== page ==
Who Do You Want to Be?
"But the fruit of the Spirit is love, joy, peace, forbearance, kindness, goodness, faithfulness, gentleness and self-control. Against such things there is no law." Galatians 5:22-23 (NIV)
Remember when you were younger, family and friends would ask, "What do you want to do when you grow up?"
My answer would change each school year.
In 3rd grade, I wanted to do puppeteering. My mom was my hero when she signed me up for the puppet class at the library! Fourth grade brought change. Sketch pads were filled with my amateur drawings of figures doing life together. As I grew, so did my aspirations of what I wanted to do as an adult.
While I enjoyed the attention the "growing up" question gave, I really wish someone had asked me a different question. Instead of emphasizing what I wanted to do, how powerful it would have been if grown ups had asked, "Who do you want to be?"
The great thing is, it's not too late to ask myself this question. And I'm old enough to know where to find the perfect answer.
Galatians 5:22-23 describes many characteristics of a godly woman: love, joy, peace, forbearance, kindness, goodness, faithfulness, gentleness and self-control. The Bible describes these as the "fruit of the Spirit." They start in seed form when God's Spirit enters our heart, and they grow and develop with care and attention to the things of the Lord.
They're cultivated by reading the Bible, praying and listening to the Lord, and living them out. The more I practice them, the more I become them—and the woman God wants me to be.
Now, I am no longer the one being asked, "What do you want to do when you grow up?" Instead, I have the opportunity to be the one asking. My daughters, ages 18 and 16, are just around the corner from living out their own adult lives. Posing the question to them, "Who do you want to be?" is so much more important than "What do you want to do?"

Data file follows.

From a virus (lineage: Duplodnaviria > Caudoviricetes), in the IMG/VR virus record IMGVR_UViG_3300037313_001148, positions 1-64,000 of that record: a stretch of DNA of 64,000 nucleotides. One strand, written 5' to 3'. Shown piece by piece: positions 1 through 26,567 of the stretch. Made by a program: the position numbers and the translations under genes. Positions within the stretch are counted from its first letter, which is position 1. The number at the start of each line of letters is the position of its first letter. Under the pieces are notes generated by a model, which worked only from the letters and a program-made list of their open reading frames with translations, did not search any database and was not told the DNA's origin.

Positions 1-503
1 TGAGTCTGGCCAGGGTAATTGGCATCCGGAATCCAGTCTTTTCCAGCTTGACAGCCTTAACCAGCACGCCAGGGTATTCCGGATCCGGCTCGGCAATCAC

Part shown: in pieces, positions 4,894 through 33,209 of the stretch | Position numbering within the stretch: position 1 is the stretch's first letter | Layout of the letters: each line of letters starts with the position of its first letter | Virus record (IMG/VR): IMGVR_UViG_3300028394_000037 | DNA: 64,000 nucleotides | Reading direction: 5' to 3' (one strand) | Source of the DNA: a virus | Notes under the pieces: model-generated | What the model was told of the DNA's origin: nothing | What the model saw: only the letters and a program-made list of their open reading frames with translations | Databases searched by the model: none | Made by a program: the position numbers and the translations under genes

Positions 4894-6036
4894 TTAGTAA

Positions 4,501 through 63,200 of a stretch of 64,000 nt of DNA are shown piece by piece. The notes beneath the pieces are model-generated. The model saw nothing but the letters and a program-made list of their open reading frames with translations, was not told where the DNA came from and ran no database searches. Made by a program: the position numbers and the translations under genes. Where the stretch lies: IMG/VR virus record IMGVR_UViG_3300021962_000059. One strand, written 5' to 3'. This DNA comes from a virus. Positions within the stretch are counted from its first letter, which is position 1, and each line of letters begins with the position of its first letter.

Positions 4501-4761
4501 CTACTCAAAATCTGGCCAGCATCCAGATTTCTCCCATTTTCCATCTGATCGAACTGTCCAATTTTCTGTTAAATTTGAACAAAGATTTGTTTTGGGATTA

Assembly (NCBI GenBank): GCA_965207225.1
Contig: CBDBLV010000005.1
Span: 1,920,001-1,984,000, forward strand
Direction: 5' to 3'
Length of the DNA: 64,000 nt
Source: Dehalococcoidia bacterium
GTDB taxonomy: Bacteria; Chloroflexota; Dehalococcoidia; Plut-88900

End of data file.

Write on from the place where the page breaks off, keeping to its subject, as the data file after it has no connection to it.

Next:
Do you want to be one who loves the least and the lost? What fruit of the Spirit do you want to be known for... the girl with joy even in the struggles? The faithful friend who was loyal no matter what the cost?
By asking our kids these types of questions, we're teaching them to care more about their character than their career. When we do, we empower them that no matter what they do, they have developed a character they feel confident about.
Today, I'm going to ask my children: "Who do you want to be when you grow up?" If they can't come up with words on their own, I'll offer some help. The fruit of the Spirit is the perfect place to start: loving, joyful, peaceful, patient, full of kindness and goodness, faithful, gentle and self-controlled.
Dear Lord, help me care more about my character than my career and to be more intentional about who I am rather than what I do. Give me words to teach Your wisdom on how to live a life that honors You. In Jesus' Name, Amen.
Reflect and Respond:
In the next 24 hours, look for an opportunity to ask your child, or someone you love, "Who do you want to be when you grow up?"
Before you ask, think of who you want to be (based on the fruit of the Spirit) so you can have a sharing time together.
Colossians 3:12, "Therefore, as God's chosen people, holy and dearly loved, clothe yourselves with compassion, kindness, humility, gentleness and patience." (NIV)